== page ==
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History and the Thoughts Behind Kwanzaa

Kwanzaa, an African-American celebration of cultural reaffirmation, is one of the fastest-growing holidays in the history of the world. It took root 30 years ago, when graduate student Maulana Karenga, disturbed by the 1965 riots in Los Angeles' Watts area, decided that African-Americans needed an annual event to celebrate their differences rather than the melting pot. Not a religious holiday, Kwanzaa is, rather, a seven-day celebration that begins on Dec. 26 and continues through Jan. 1.

Kwanzaa is a spiritual, festive and joyous celebration of the oneness and goodness of life, which claims no ties with any religion. It has definite principles, practices and symbols which are geared to the social and spiritual needs of African-Americans. The reinforcing gestures are designed to strengthen our collective self-concept as a people, honor our past, critically evaluate our present and commit ourselves to a fuller, more productive future.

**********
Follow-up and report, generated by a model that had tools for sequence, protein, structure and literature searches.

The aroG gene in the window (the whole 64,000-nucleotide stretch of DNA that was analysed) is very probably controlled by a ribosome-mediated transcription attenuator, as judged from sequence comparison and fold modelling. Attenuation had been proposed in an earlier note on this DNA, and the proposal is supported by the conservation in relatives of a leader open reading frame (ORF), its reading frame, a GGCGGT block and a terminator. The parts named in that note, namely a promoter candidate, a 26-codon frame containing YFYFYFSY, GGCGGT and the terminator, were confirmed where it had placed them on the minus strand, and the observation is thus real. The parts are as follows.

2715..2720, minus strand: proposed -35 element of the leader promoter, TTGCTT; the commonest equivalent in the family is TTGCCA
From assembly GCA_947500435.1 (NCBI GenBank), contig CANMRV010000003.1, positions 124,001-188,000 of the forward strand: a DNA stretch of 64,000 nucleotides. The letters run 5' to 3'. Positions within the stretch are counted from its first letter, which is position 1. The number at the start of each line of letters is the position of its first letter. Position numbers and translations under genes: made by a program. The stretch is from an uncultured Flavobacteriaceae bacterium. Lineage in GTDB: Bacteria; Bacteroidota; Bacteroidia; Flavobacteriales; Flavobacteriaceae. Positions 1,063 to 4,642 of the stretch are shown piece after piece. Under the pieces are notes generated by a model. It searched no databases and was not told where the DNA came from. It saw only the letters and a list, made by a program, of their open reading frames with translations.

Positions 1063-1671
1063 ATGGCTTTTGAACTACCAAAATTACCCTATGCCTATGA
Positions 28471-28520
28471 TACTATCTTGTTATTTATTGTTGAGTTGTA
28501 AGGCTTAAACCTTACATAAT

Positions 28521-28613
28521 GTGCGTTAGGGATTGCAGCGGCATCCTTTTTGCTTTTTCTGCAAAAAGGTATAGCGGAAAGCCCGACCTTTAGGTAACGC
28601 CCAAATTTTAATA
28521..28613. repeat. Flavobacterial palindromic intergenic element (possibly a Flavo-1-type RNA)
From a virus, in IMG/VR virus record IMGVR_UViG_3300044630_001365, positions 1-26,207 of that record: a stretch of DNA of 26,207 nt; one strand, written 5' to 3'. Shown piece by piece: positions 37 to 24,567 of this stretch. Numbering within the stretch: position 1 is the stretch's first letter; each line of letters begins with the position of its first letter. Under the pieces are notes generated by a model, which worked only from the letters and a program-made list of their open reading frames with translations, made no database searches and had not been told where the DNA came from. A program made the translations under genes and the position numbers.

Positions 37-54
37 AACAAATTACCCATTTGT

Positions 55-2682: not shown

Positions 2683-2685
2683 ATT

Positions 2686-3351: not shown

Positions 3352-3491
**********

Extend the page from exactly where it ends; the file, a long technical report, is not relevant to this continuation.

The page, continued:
Kwanzaa, which means "first fruits of the harvest" in the African language Kiswahili, has gained tremendous acceptance. Since its founding in 1966 by Dr. Maulana Karenga, Kwanzaa has come to be observed by more than15 million people worldwide, as reported by the New York Times. Celebrated from December 26th to January 1st, it is based on Nguzo Saba (seven guiding principles), one for each day of the observance:

Umoja (OO-MO-JAH) Unity stresses the importance of togetherness for the family and the community, which is reflected in the African saying, "I am We," or "I am because We are."

Kujichagulia (KOO-GEE-CHA-GOO-LEE-YAH) Self-Determination requires that we define our common interests and make decisions that are in the best interest of our family and community.

Ujima (OO-GEE-MAH) Collective Work and Responsibility reminds us of our obligation to the past, present and future, and that we have a role to play in the community, society, and world.